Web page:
A comparison of three methods for estimating the requirements for medical specialists: The case of otolaryngologists

Gerard F. Anderson, K. Carol Han, Robert H. Miller, Michael E. Johns

Research output: Contribution to journalArticlepeer-review

12 Scopus citations


Objective. To compare three methods of computing the national requirements for otolaryngologists in 1994 and 2010. Data Sources. Three large HMOs, a Delphi panel, the Bureau of Health Professions (BHPr), and published sources. Study Design. Three established methods of computing requirements for otolaryngologists were compared: managed care, demand- utilization, and adjusted needs assessment. Under the managed care model, a published method based on reviewing staffing patterns in HMOs was modified to estimate the number of otolaryngologists. We obtained from BHPr estimates of work force projections from their demand model. To estimate the adjusted needs model, we convened a Delphi panel of otolaryngologists using the methodology developed by the Graduate Medical Education National Advisory Committee (GMENAC). Data Collection/Extraction Methods. Not applicable. Principal Findings. Wide variation in the estimated number of otolaryngologists required occurred across the three methods. Within each model it was possible to alter the requirements for otolaryngologists significantly by changing one or more of the key assumptions. The managed care model has a potential to obtain the most reliable estimates because it reflects actual staffing patterns in institutions that are attempting to use physicians efficiently. Conclusions. Estimates of work force requirements can vary considerably if one or more assumptions are changed. In order for the managed care approach to be useful for actual decision making concerning the appropriate number of otolaryngologists required, additional research on the methodology used to extrapolate the results to the general population is necessary.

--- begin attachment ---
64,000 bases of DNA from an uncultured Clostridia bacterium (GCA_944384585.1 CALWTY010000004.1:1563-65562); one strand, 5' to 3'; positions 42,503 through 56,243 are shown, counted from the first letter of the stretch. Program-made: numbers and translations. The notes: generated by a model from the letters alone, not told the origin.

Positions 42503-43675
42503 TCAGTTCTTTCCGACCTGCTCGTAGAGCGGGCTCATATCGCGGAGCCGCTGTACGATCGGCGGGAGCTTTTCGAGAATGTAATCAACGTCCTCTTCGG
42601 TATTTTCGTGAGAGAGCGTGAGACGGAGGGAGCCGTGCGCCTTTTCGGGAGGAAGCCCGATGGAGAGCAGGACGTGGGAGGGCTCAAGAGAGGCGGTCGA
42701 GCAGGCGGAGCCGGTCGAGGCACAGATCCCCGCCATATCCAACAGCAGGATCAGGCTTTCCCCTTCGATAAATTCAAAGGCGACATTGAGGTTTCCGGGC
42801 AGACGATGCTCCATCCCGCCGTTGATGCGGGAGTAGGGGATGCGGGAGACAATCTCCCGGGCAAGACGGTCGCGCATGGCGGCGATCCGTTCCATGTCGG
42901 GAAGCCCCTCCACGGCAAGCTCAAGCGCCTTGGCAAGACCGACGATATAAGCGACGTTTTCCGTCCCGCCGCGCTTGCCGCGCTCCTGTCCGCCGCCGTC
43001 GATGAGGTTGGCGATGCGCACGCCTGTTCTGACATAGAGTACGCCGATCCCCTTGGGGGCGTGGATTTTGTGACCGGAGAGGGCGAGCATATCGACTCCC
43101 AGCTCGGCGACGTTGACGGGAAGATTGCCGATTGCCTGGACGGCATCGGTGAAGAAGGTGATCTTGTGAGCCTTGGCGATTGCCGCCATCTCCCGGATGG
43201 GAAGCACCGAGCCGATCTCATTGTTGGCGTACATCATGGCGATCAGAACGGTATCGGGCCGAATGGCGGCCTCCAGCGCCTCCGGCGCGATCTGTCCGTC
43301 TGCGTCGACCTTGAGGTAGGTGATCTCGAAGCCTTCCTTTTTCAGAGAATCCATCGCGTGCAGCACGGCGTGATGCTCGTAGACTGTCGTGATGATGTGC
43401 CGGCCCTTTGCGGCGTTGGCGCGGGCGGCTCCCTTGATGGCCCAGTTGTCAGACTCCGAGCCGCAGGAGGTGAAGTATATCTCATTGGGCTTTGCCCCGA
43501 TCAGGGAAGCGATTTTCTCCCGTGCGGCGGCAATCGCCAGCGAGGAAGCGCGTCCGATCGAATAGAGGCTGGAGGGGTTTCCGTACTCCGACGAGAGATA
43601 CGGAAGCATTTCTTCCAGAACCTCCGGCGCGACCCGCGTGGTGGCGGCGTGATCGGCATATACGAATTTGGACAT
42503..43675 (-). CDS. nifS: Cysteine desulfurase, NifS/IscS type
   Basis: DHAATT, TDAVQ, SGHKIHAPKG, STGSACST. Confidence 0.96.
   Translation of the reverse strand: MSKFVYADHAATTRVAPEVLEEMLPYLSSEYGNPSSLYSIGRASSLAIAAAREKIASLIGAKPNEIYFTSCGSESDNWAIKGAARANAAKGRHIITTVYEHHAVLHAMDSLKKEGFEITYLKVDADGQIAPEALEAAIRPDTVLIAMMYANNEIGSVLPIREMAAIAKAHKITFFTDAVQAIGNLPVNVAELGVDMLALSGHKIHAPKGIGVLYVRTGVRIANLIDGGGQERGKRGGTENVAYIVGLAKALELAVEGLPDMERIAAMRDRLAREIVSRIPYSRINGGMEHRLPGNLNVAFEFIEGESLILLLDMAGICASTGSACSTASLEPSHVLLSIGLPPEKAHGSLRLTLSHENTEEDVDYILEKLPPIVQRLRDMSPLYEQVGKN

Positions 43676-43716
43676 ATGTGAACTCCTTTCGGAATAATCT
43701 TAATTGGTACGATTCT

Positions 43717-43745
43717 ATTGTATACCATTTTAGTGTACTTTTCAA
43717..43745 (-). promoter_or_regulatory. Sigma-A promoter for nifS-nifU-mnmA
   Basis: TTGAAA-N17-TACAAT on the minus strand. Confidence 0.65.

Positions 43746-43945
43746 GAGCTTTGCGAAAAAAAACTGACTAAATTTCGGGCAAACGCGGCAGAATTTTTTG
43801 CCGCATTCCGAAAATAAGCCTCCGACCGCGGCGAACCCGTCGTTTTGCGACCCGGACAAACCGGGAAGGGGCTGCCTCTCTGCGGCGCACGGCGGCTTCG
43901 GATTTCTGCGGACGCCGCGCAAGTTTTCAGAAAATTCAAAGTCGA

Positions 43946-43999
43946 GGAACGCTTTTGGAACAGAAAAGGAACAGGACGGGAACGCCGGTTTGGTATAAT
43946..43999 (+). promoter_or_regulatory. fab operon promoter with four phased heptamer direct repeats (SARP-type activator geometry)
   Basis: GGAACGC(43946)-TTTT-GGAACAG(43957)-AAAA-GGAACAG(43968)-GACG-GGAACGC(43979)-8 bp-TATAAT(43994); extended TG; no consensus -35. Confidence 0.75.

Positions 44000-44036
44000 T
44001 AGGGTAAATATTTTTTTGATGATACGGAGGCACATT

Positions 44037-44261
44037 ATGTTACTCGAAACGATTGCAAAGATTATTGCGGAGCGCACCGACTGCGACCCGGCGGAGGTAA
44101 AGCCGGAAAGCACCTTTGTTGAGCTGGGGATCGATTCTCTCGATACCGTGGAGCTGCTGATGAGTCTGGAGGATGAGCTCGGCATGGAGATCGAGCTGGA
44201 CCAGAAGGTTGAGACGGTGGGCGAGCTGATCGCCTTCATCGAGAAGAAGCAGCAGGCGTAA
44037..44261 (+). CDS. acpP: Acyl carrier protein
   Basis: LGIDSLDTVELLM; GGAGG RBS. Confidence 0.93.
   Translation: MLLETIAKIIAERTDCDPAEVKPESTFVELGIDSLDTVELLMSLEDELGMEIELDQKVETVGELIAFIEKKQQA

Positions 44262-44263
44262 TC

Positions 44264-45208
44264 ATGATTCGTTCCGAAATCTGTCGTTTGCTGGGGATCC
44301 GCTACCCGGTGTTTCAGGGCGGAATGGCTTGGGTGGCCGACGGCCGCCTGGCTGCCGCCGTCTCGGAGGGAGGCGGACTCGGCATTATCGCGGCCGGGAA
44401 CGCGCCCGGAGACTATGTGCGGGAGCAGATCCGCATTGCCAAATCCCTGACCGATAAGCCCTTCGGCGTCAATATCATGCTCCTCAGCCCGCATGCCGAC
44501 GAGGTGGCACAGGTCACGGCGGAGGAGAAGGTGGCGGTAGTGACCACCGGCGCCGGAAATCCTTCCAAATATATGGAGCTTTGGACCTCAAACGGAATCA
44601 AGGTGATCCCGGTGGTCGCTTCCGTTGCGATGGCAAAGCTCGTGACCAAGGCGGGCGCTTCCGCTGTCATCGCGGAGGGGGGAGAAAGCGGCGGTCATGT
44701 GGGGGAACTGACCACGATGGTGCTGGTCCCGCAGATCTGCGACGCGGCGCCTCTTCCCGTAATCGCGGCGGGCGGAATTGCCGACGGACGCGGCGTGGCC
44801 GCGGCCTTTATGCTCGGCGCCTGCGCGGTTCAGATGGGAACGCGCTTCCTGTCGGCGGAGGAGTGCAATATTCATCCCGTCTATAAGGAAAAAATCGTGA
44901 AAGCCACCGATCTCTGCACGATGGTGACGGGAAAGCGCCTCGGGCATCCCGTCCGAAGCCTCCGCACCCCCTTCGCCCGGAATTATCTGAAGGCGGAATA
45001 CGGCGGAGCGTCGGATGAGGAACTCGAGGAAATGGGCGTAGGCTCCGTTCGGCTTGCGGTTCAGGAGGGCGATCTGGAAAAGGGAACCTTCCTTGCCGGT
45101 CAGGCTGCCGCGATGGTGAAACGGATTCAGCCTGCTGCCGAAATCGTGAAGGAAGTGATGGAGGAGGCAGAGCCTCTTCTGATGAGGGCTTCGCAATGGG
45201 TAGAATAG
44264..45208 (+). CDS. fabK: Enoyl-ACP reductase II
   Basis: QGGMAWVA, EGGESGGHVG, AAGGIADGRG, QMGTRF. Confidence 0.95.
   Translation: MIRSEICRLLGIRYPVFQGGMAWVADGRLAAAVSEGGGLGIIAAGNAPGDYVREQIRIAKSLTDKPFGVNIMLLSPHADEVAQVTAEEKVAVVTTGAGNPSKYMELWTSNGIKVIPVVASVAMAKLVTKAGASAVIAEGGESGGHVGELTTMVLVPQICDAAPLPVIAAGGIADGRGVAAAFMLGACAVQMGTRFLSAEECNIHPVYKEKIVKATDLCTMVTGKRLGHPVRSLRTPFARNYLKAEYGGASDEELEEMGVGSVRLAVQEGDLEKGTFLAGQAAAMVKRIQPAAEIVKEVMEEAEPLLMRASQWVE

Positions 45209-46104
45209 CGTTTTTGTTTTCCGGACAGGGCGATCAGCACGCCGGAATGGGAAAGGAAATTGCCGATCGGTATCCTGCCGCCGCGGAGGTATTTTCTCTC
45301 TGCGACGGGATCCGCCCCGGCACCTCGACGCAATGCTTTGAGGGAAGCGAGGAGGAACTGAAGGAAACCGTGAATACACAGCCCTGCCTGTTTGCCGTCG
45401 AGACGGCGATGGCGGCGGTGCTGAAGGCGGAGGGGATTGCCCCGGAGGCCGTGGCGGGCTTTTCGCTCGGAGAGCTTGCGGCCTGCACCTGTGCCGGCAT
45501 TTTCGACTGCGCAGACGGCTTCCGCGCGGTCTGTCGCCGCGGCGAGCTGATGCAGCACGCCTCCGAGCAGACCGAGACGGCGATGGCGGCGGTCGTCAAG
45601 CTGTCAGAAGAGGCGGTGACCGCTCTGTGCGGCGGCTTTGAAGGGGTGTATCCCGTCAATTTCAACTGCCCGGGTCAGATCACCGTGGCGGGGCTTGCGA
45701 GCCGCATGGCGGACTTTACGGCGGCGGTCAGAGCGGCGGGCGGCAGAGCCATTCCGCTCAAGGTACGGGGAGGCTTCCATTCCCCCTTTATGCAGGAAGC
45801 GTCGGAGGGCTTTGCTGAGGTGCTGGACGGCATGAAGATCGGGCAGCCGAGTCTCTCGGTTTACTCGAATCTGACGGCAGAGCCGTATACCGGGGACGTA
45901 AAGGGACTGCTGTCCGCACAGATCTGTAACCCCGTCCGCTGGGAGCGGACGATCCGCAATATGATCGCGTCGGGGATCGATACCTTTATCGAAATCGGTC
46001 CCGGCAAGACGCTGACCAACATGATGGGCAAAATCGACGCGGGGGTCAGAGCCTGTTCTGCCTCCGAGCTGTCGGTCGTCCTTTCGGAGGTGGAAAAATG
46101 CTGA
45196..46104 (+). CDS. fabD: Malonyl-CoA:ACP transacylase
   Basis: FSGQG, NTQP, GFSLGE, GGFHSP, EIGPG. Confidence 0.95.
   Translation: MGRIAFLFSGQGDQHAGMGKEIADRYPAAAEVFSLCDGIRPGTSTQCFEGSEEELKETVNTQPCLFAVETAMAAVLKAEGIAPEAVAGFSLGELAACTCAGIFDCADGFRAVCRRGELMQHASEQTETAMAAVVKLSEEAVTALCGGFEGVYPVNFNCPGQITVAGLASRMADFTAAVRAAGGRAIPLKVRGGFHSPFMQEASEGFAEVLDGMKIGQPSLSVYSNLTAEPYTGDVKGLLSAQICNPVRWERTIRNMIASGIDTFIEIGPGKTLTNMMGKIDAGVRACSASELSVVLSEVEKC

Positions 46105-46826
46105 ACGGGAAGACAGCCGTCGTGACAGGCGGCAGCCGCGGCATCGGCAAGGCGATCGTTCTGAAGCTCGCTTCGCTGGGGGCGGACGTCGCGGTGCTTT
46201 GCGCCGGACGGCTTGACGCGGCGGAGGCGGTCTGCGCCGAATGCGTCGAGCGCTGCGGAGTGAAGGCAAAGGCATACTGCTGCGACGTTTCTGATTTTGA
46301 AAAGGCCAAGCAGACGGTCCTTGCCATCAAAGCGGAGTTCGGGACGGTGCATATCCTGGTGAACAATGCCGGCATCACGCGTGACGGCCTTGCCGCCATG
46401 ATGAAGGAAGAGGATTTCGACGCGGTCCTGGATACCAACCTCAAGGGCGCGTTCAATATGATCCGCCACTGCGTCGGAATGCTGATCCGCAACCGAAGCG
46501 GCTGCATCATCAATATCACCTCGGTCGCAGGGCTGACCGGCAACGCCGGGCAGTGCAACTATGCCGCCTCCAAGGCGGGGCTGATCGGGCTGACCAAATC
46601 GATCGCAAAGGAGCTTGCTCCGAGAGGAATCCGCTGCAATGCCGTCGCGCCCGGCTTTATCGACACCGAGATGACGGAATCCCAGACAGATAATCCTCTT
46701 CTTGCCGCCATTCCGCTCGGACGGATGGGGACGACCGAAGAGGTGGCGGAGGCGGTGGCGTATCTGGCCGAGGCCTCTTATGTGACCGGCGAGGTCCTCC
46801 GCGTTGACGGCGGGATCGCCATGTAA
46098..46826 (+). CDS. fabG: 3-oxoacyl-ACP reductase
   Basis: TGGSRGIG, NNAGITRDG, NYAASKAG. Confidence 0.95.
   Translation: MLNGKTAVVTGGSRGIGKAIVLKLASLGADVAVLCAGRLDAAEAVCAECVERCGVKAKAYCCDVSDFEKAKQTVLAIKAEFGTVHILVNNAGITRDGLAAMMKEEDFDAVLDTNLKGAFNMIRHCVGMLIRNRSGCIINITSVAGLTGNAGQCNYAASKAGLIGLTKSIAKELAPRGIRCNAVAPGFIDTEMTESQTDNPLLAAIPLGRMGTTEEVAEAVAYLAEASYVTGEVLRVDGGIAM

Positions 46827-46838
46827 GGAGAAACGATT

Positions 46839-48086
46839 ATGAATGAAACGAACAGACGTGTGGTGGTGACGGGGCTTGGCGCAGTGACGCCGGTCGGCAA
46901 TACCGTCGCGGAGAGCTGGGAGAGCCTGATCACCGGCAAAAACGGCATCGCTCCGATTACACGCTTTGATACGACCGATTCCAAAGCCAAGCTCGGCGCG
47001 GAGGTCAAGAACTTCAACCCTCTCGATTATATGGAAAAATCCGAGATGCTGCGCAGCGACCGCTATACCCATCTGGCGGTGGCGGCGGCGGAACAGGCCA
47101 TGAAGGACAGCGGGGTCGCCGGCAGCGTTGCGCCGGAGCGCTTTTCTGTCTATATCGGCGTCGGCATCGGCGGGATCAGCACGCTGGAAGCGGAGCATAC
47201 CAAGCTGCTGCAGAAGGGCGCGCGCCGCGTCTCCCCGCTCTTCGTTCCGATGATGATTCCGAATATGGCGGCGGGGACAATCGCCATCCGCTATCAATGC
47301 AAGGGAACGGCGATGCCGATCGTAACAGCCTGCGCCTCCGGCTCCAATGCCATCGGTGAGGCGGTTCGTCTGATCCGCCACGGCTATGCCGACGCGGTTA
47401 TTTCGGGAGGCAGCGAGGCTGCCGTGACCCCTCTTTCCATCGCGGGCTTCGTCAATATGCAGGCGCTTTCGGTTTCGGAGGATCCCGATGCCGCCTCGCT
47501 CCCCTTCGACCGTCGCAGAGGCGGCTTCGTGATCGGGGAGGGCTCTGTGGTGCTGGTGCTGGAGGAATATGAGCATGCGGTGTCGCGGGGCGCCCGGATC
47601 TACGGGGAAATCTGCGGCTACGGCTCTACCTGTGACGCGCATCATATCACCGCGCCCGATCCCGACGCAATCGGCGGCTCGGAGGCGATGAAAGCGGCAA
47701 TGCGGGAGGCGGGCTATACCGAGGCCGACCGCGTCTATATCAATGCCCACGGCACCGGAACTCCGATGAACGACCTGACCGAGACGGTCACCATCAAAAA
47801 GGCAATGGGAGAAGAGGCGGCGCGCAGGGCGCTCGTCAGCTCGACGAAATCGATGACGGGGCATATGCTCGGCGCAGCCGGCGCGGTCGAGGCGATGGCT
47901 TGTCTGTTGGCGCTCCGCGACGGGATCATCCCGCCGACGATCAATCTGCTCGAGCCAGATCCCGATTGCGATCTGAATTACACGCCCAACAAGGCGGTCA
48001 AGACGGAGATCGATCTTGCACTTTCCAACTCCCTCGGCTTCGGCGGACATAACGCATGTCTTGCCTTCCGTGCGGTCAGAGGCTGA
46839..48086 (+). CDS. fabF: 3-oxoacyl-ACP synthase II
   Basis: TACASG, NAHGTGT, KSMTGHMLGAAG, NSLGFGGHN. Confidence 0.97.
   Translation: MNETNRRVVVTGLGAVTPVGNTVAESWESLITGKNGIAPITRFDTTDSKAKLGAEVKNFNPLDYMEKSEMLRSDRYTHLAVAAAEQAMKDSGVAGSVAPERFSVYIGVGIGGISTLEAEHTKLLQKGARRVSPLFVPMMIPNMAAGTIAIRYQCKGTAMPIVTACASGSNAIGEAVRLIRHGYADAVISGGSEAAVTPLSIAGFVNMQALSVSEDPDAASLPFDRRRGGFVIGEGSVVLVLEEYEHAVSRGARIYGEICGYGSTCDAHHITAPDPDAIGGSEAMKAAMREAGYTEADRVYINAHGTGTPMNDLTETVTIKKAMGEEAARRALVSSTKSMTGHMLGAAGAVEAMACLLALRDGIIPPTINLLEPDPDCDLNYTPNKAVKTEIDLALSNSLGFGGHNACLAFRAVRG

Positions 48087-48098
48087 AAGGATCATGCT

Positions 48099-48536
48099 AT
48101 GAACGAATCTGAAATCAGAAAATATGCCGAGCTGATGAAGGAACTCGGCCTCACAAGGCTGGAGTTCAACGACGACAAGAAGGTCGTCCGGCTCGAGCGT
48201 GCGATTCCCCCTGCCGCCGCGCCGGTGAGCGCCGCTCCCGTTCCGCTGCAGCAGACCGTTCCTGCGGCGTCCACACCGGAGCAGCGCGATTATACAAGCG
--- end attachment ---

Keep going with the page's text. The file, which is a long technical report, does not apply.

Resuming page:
Original languageEnglish (US)
Pages (from-to)139-153
Number of pages15
JournalHealth services research
Issue number2
StatePublished - Jun 1997
Externally publishedYes


  • Work force requirements
  • health professions education
  • otolaryngologists
  • physician supply

ASJC Scopus subject areas

  • Health Policy


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